- Preparing Your Piece for Soldering – Dirt, oil, oxidation and tarnish can all prevent solder from flowing. Metal should be cleaned with a degreasing soap or pickle (or both, depending on how dirty it is) prior to soldering.
- Ensuring a Good Fit – Solder flows by capillary action and will not fill gaps. A good, tight and clean fit is essential for a strong solder joint. Make sure metal pieces are filed to fit one another precisely. Pieces can be held up to the light to check for gaps.
- Fluxing your Piece – Flux keeps metal clean, enabling solder to flow. Flux also helps minimize fire-scale, acts as a visual temperature indicator (flux turns glassy at 1,100°F and will turn bluish green if overheated) and helps solder stick where it is intended. Flux should be applied on all sides of an area to be joined with solder. Barrier flux can be applied to an entire piece to help prevent fire-scale.
- Applying Solder – Solder should be cut into small chips or pallions prior to soldering. Large pieces will be harder to melt and will require more cleanup afterwards. Solder chips should be kept in the range of 1 to 4 mm long. When working on a piece with multiple solder applications, start with hard solder, use medium next, and then easy. This will help prevent seams from opening up while other parts are being joined. Place small pieces of solder on the seam using a solder pick or tweezers. Solder chips can also be added after the flux has been heated, to avoid movement as moisture in the flux is boiled off.
- Applying Heat – When soldering silver, heat should be applied evenly to the entire piece. It can be tempting to hold the torch right at the solder seam, but the solder will not flow until the entire piece has been brought up to the melting temperature of the solder. The hottest part of the torch flame is about a quarter of an inch in front of the sharp blue cone at the torch tip. Use the hottest part of the flame and heat the entire piece evenly. Be aware of areas on the workpiece that are thicker or larger, as these will take more heat than thinner areas. Solder will flow to the hottest area first. Make sure to choose a torch tip size appropriate for the scale of work you are soldering. A torch tip that is too large can cause pieces to melt accidentally, and a torch tip that is too small can cause solder not to flow.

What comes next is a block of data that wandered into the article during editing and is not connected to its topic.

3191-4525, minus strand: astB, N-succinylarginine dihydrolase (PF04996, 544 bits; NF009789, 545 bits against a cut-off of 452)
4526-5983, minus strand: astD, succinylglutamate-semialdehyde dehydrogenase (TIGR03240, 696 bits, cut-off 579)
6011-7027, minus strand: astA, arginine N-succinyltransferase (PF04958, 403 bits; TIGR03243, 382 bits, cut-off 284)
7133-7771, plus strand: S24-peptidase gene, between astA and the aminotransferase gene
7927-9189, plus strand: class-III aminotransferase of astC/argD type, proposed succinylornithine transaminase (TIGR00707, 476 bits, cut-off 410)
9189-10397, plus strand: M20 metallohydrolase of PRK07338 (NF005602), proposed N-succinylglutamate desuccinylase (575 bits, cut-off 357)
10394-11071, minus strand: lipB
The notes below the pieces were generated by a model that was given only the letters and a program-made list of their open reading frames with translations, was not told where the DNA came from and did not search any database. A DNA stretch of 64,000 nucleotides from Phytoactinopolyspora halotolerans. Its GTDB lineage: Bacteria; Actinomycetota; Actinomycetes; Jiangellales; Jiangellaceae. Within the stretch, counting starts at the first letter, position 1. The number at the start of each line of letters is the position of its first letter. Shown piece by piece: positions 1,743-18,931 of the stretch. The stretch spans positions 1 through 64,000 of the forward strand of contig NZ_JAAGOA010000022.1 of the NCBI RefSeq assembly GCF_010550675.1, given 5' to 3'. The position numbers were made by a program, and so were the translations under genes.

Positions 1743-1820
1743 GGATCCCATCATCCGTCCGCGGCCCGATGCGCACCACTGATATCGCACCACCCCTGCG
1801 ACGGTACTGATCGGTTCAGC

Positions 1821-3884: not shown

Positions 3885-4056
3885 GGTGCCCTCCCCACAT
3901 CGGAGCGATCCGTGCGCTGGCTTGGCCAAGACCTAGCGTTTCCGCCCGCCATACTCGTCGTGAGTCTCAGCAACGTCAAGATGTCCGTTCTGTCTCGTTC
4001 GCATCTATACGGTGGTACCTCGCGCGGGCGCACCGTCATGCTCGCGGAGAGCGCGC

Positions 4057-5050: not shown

- Quenching – Metal can be air cooled or quenched after soldering. If quenching, always quench in water first. Quenching in pickle can spray hot acid and release dangerous fumes so should be avoided. Typically, metal should not be quenched when red hot as this can cause stress to the metal. Some metals, like Argentium®, should not be quenched at all when hot as this can cause the metal to crack.
- Cleaning Up – After soldering, jewelry pieces should be cleaned in a pickle solution to remove oxidation and flux. After pickling, the piece should be rinsed in water or neutralized in a baking soda and water solution. If fire-scale occurs, it will need to be removed with careful filing and sanding.
Get Started Soldering!
With an understanding of the different materials and equipment used in soldering for jewelry, you can take your jewelry making skills to the next level and add another valuable skill set to your practice. If you need help selecting soldering tools and supplies, be sure to read “Equipment Needed for Soldering Jewelry”. Our Jewelry Tech Team boasts seven master jewelry technicians, representing two centuries of practical hands-on knowledge and is on call to answer your questions regarding soldering or anything jewelry related. Knowing how to solder can open up many doors to new jewelry making techniques in fabrication and can really improve your work as a jeweler. Take a look at our extensive collection of soldering equipment and supplies online or in our catalog and get started soldering today!
Source: Rio Grande